Criterion Sunday 222: Journal d’un curé de campagne (Diary of a Country Priest, 1951)

I remember first watching this when I was a university student and finding it quite tedious, then a few years a later completely reversed my opinion of it with a fine new celluloid print in a cinema, and as such I believe it is a film that ages well with its audience. After Les Dames du Bois de Boulogne, it finds Bresson coming into his own in terms of the way he choreographs his actors, while still holding a little of that melodramatic form of his previous two features. It’s held together by a central performance by Claude Laydu recalling Falconetti in La Passion de Jeanne d’Arc a little — the intensity of suffering, held in the eyes. Indeed, Laydu generally moves across the whole gamut of emotions from merely apprehensive through melancholy, baleful, anguished, pained and tormented. One of these tormentors is a Mouchette-like young girl, and another is also a young woman, though perhaps it’s his own self-doubts that torment him the most. Even as the film moves towards an ending that reminds me of Ikiru (the film before it in the Criterion Collection), it’s the grace in which Laydu holds himself — and which Bresson’s filmmaking captures, in beautiful, ethereal and softly contrasted black-and-white — that most marks out our country priest, and which lend him and the film a touch of the divine.


FILM REVIEW: Criterion Collection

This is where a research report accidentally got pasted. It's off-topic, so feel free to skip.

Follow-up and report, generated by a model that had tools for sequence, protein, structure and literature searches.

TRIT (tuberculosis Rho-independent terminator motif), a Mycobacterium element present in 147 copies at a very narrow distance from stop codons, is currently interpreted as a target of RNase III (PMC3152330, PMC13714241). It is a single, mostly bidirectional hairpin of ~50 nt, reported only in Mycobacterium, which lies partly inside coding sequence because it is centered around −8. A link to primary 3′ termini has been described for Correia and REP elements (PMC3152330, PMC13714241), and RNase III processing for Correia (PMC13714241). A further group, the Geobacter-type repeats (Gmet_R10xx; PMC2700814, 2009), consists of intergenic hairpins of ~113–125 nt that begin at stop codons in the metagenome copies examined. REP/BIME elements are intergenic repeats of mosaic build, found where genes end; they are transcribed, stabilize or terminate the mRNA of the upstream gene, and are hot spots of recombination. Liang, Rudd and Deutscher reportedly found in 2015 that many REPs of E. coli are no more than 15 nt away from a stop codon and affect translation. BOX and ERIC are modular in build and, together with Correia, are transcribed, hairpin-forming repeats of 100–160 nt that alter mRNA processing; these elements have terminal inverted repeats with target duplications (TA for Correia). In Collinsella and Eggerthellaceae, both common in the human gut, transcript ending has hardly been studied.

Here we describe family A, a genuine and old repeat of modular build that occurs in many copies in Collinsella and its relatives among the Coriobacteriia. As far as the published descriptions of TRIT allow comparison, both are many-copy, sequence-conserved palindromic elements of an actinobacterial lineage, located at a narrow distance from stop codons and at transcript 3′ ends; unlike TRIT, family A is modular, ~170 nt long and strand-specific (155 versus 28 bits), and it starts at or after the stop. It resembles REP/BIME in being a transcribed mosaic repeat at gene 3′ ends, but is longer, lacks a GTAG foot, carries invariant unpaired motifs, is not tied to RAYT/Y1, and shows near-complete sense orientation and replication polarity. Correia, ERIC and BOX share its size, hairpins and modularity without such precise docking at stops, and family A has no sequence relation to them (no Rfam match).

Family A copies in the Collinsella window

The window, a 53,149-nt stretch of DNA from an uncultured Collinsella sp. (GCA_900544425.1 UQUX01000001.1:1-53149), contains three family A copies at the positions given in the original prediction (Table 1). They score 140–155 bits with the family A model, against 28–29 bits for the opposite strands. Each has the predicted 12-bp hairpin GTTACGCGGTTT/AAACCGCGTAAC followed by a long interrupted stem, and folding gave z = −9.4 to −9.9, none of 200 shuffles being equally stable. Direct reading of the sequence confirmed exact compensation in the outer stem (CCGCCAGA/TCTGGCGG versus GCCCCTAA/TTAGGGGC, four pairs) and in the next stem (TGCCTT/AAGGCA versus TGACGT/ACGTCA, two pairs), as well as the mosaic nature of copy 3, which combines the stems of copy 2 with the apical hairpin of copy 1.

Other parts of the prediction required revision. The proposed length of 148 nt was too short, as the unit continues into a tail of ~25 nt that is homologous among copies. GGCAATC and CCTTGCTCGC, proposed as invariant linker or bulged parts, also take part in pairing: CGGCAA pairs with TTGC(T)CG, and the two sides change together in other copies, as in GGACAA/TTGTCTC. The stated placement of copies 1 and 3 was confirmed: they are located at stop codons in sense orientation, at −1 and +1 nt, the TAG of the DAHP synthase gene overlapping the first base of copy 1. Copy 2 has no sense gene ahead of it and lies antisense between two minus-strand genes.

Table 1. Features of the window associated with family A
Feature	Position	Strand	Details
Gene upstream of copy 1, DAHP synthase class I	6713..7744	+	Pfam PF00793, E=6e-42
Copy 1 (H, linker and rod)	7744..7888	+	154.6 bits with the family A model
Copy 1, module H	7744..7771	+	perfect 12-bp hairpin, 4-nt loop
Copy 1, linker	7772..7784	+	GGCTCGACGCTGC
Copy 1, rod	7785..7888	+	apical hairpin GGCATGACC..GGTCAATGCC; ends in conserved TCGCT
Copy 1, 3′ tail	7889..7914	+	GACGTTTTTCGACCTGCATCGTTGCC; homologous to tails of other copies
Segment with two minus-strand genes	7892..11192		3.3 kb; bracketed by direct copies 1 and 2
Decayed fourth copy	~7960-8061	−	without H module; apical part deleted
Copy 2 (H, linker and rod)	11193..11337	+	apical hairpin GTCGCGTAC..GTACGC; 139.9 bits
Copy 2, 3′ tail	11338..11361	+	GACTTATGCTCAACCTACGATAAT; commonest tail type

Director/Writer Robert Bresson (based on the novel by Georges Bernanos) | Cinematographer Léonce-Henri Burel | Starring Claude Laydu | Length 115 minutes || Seen at Te Papa, Wellington, Saturday 16 June 2001 (also earlier in August 1998 on VHS in the Victoria University library, Wellington, and most recently on DVD at a friend’s home in London on Sunday 22 July 2018)

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Crainquebille (1922)

The Cinema Museum logo As part of the regular monthly ‘Kennington Bioscope’ night, this feature was presented along with a number of short films, with an intermission between them. Piano accompaniment was provided by organisers Lillian Henley and Cyrus Gabrysch for the shorts, and by renowned silent film accompanist and concert pianist Costas Fotopoulos for the feature.


SPECIAL SCREENING FILM REVIEWS | Seen at Cinema Museum, London, Wednesday 26 March 2014

Crainquebille (1922) || Director/Writer Jacques Feyder (based on the novel by Anatole France) | Cinematographers Léonce-Henri Burel and Maurice Forster | Starring Maurice de Féraudy | Length 76 minutes || My Rating 3.5 stars very good

© Pathé

The more silent films one watches, the more one realises there’s a huge range of expression beyond the kind of hyperactive slapstick we’ve at length come to associate with the era (though some of the shorts, see below, fulfil this function more than adequately). Instead with this film, we see Belgian director Jacques Feyder expressively try his hand at a kind of proletarian social realism, with moustachioed Maurice de Fléraudy playing an honest working class protagonist ground down by the unfeeling, pettifogging machinations of the authorities. In this respect, it’s not unlike, say, Bresson’s L’Argent (1983), in which a chain of minor events build into tragedy, but the film I’m most minded of is Fassbinder’s Händler der vier Jahreszeiten (The Merchant of Four Seasons, 1971), which also centres on a street peddler pushing around a cart of groceries.

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